in the ciphertext corresponds to the letter `e`

in the plaintext, we can work out that the shift distance is 3. This is because the letter `b`

is 3 letters to the right of the letter `e`

in the alphabet. We can then use this information to decrypt the ciphertext.

Let’s start with a simple Caesar cipher implementation in JavaScript:

```
const alphabet = 'abcdefghijklmnopqrstuvwxyz'.split('')
function caesarCipher(text, shift = 3) {
let result = []
const input = text.toLowerCase()
for (let i = 0; i < input.length; i++) {
const letter = input[i]
if (alphabet.includes(letter)) {
const index = alphabet.indexOf(letter)
const newIndex = (index + shift) % alphabet.length
result.push(newIndex)
}
}
return result.map(index => alphabet[index]).join('')
}
```

Using this function, we can encrypt a text using the Caesar cipher:

```
const cipherText = caesarCipher(`
The primary thing when you take a sword in your hands is your intention to cut the enemy,
whatever the means. Whenever you parry, hit, spring, strike or touch the enemy's cutting
sword, you must cut the enemy in the same movement. It is essential to attain this.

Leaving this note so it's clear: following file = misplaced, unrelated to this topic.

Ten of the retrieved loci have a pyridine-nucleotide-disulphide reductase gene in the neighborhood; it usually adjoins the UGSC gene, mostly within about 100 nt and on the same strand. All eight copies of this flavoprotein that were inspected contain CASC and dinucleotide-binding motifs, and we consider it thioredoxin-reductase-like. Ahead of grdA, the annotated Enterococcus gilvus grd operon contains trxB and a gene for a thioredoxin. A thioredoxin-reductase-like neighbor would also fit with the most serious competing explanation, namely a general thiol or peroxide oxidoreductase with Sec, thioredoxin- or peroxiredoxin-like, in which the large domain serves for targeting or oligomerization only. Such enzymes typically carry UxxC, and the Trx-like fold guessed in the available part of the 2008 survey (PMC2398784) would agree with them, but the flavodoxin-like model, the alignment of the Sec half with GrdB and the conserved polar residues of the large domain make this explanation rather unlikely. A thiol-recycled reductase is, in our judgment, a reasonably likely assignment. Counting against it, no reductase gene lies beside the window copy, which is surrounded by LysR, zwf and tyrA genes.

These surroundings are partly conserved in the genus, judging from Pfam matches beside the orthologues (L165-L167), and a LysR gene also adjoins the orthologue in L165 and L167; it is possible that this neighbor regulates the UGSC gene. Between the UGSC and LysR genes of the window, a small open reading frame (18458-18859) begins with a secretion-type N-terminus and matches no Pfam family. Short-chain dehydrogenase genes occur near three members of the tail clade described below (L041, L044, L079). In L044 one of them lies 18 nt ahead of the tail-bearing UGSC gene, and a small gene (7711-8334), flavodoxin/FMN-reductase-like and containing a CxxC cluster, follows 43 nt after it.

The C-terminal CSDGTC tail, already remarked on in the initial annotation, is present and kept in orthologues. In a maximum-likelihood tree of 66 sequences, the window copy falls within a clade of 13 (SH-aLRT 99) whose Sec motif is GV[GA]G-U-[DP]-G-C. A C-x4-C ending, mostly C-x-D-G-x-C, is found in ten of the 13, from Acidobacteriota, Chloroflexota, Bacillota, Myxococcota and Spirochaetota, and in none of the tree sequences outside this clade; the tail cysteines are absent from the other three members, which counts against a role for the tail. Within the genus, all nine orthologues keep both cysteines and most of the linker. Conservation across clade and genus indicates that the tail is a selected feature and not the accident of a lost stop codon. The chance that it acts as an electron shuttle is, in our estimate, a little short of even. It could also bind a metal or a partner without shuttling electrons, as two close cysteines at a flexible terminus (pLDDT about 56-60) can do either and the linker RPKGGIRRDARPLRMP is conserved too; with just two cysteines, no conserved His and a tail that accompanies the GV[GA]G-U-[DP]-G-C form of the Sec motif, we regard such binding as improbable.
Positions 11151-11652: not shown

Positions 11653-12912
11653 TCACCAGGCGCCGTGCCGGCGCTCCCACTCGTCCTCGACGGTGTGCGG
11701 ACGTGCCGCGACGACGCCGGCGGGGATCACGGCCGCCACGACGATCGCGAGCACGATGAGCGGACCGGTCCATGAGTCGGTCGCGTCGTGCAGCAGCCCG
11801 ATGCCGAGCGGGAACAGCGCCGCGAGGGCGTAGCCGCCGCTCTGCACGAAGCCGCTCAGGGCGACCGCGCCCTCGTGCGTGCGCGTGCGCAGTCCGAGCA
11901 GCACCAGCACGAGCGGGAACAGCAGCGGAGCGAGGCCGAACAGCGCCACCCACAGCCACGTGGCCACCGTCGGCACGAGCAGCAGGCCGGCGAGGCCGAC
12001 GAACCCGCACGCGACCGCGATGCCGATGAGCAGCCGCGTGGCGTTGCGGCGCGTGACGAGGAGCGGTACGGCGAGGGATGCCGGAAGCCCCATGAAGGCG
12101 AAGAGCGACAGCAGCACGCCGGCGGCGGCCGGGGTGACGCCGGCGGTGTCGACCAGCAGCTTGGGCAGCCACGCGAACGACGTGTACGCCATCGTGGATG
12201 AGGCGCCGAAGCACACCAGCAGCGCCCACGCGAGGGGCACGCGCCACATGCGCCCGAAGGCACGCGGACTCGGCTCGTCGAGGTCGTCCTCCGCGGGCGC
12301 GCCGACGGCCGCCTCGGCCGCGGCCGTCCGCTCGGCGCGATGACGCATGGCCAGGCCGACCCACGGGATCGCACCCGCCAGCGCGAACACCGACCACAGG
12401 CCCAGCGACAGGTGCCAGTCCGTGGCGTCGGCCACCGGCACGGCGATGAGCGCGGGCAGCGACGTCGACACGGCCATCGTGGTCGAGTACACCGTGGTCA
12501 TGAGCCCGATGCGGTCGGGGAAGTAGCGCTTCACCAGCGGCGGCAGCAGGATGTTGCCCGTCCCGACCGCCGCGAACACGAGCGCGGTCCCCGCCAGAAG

If you think only of hitting, springing, striking or touching the enemy, you will not be
able actually to cut him.
`)
```

To produce the following ciphertext:

`wkhsulpdubwklqjzkhqbrxwdnhdvzruglqbrxukdqgvlvbrxulqwhqwlrqwrfxwwkhhqhpbzkdwhyhuwkhphdqvzkhqhyhubrxsduubklwvsulqjvwulnhruwrxfkwkhhqhpbvfxwwlqjvzrugbrxpxvwfxwwkhhqhpblqwkhvdphpryhphqwlwlvhvvhqwldowrdwwdlqwklvlibrxwklqnrqobriklwwlqjvsulqjlqjvwulnlqjruwrxfklqjwkhhqhpbbrxzlooqrwehdeohdfwxdoobwrfxwklp`

The next thing we want to do is write a function that can perform frequency analysis on a given ciphertext:

```
function frequencyAnalysis(text) {
// Process the text: remove special characters, convert to lowercase
const processedText = text.replace(/[^a-zA-Z]/g, '').toLowerCase()
// Initialize an empty object to store the character frequencies
const charFrequency = {}
// Iterate through each character in the processed text
for (let char of processedText) {
// If the character is already in the object, increment its count
if (charFrequency[char]) {
charFrequency[char]++
} else {
// If the character is not in the object, add it with a count of 1
charFrequency[char] = 1
}
}
// Calculate the total number of characters
const totalChars = processedText.length
// Iterate through each character in the object and calculate the frequency
for (let char in charFrequency) {
charFrequency[char] = charFrequency[char] / totalChars
}
return charFrequency
}
```

This function returns a map of each character in the ciphertext to its frequency. For example, if we pass the ciphertext from the previous section into this function, we get the following output:

```
{
w: 0.125,
k: 0.06418918918918919,
h: 0.10810810810810811,
s: 0.013513513513513514,
u: 0.05405405405405406,
l: 0.09121621621621621,
p: 0.037162162162162164,
d: 0.0472972972972973,
b: 0.05067567567567568,
q: 0.09121621621621621,
j: 0.02702702702702703,